Characters and Viewpoint Test | Final Test - Easy

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This test consists of 15 multiple choice questions and 5 short answer questions.

Multiple Choice Questions

1. Besides an individually defined character, what does the narrator of a first person story need?
(a) A reason for telling the story.
(b) A knowledge of the major characters.
(c) A reason for his/her actions in the story.
(d) A knowledge of all other characters.

2. How can changes in people be perceived by others?
(a) They will never understand it.
(b) They might not understand it.
(c) They might not want to understand it.
(d) They will always understand it.

3. Which perspective is placed on the humor by a writer in a comedy?
(a) Narrow.
(b) Skewed.
(c) Unreasonable.
(d) Reasonable.

4. How much impact does sound have on the types of voices the author is discussing in Chapter 13?
(a) It is a major part of it.
(b) It is only a small part of it.
(c) It has an average impact on it.
(d) It has no impact on it.

5. What does the term, "downplaying", refer to in comedy?
(a) Making more of a setback instead of less.
(b) Making more of a triumph instead of less.
(c) Making less of a setback instead of more.
(d) Making less of a triumph instead of more.

6. What can a third person narrative suffer from?
(a) A closeness in time.
(b) A distance in space.
(c) A closeness in space.
(d) A distance in time.

7. How much freedom do characters have to change in comedy?
(a) Only the central character can change in comedy.
(b) None.
(c) More.
(d) Less.

8. As explained in Chapter 15, what is the time difference in "showing" and "telling"?
(a) Showing and telling take the same amount of time.
(b) Showing takes less time than telling.
(c) Showing takes more time than telling.
(d) The time for both showing and telling depends on the writer.

9. According to the author in Chapter 13, what is the writer's responsibility?
(a) To say things in a clear and evocative way.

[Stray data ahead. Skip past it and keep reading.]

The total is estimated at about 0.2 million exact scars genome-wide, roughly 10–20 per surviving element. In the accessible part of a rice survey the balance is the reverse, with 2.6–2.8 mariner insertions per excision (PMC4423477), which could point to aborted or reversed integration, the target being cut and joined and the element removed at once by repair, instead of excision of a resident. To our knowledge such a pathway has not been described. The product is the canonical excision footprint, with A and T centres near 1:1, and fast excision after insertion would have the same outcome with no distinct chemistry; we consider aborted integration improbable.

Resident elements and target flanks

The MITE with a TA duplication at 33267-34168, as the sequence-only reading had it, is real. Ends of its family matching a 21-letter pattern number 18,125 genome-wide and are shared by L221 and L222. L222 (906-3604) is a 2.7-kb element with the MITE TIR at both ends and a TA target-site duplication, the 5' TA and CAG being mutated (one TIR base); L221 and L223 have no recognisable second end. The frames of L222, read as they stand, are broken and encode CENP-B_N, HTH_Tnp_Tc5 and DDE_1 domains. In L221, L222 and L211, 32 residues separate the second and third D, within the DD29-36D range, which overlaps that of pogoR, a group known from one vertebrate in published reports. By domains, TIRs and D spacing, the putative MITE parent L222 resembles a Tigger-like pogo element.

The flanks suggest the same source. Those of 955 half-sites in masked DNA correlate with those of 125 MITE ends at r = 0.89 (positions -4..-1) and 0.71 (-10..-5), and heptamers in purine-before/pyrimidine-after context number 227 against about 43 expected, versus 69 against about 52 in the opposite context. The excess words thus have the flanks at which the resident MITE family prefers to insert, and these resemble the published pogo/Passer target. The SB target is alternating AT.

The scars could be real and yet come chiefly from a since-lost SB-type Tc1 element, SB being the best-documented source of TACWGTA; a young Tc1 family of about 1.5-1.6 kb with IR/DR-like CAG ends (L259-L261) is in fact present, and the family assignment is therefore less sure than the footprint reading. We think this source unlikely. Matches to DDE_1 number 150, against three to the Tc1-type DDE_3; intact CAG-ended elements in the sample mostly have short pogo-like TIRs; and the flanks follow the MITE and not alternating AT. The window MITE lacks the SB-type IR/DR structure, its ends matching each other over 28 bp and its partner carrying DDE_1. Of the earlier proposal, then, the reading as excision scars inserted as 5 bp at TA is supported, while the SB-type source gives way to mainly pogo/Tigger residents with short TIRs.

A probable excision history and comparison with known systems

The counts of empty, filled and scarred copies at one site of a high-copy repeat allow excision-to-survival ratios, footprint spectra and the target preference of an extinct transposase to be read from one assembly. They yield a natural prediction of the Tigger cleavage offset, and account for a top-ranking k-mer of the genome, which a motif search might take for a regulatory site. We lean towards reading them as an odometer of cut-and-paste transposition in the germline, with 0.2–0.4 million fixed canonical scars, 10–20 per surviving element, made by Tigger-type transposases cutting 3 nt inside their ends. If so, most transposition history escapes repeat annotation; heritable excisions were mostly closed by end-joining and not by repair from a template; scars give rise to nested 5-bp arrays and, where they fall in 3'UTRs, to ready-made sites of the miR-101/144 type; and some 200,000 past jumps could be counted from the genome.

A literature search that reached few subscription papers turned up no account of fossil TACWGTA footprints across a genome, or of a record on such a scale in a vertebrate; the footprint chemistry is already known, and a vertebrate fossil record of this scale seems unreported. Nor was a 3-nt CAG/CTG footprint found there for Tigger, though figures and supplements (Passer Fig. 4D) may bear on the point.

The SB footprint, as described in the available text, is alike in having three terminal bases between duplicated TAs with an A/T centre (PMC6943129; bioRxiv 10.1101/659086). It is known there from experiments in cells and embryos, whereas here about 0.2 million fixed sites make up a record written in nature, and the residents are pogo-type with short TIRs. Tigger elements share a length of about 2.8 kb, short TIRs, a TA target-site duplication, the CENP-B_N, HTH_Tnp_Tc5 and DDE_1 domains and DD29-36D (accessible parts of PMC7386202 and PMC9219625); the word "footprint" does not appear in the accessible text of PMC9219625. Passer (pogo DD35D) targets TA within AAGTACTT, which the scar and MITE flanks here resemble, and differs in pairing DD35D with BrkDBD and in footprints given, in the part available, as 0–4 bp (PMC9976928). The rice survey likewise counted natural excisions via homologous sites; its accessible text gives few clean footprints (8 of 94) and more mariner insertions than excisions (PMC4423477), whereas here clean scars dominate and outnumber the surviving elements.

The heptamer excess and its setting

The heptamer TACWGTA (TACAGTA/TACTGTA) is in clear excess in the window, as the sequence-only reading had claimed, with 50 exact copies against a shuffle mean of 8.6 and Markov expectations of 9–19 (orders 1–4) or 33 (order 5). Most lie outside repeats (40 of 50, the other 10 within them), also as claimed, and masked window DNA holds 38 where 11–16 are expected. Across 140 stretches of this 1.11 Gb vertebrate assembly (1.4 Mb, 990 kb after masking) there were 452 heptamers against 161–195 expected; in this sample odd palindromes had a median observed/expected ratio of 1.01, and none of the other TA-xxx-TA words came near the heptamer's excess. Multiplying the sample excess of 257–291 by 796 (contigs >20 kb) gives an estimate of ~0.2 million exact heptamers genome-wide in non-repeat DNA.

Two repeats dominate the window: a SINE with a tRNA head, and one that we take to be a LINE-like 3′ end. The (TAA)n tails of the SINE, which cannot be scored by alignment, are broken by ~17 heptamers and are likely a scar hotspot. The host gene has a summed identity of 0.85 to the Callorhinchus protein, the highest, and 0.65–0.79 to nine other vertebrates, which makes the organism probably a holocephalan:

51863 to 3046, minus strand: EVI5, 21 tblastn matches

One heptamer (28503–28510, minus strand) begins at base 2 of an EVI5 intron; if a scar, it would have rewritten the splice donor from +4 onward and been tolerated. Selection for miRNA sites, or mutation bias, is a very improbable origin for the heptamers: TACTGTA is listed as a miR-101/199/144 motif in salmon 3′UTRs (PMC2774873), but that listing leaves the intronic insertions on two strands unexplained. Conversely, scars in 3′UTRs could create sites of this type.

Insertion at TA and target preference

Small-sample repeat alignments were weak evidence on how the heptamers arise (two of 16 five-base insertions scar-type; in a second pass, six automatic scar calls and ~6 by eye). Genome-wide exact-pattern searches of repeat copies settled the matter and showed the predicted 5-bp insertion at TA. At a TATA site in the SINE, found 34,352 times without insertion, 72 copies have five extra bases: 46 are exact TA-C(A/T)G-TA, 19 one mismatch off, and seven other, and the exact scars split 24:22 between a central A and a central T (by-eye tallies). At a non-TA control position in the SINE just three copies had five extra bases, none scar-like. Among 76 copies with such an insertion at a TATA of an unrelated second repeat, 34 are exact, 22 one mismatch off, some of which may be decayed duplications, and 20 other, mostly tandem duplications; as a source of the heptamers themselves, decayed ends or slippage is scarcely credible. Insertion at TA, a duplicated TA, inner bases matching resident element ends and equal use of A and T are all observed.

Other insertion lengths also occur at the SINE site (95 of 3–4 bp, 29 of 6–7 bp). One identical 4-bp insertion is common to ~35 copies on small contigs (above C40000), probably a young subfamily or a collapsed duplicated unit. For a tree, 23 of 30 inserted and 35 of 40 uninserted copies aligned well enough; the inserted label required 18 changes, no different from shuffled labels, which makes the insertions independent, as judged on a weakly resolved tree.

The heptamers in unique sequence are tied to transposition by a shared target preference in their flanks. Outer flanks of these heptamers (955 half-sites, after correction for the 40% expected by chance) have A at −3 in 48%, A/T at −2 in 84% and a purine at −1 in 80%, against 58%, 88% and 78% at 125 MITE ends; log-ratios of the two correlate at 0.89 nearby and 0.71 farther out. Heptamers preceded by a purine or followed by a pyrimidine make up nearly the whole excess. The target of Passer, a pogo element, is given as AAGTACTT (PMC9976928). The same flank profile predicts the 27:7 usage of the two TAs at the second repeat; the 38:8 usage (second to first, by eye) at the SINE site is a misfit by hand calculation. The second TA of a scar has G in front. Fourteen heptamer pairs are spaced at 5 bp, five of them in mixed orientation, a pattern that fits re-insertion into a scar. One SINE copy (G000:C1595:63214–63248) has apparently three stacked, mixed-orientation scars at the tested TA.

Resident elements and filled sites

(b) To say things in a clear, yet not necessarily evocative way.
(c) To say things in an evocative, yet not necessarily clear way.
(d) None of the answers is correct.

10. In a comedy, what are the comedic interjections grounded in?
(a) Truth.
(b) Actions.
(c) Conversation.
(d) Fiction.

11. What style of writing is effective in combining the telling of a story with the reason it is being told?
(a) Mystery writing.
(b) Adventure writing.
(c) Comic writing.
(d) Dramatic writing.

12. How does a flashback affect the present narrative?
(a) It slows the narrative down.
(b) It speeds the narrative up.
(c) It does not affect the narrative.
(d) It stops the narrative.

13. Which one of the following is not an example used by the author when listing the different voices people use?
(a) A telephone voice.
(b) A voice used with parents.
(c) A voice used with children.
(d) An internal voice.

14. According to the author in the beginning of Chapter 12, what changes along with people?
(a) Their goals.
(b) Their situation.
(c) Their behavior.
(d) Their attitude.

15. What type of attitude should a character have with reference to events?
(a) Vaguely defined.
(b) Inconsistent and changing.
(c) Clearly defined.
(d) Consistent and unchanging.

Short Answer Questions

1. What does the term, "take", describe in a comedy?

2. What type of relationships can contribute to a character's attitude?

3. What does "controlled disbelief" refer to?

4. Which one of the following is an example listed in Chapter 12 of a transformation causing consequence that is beyond a character's control?

5. Which form of language requires more precision?

(see the answer keys)

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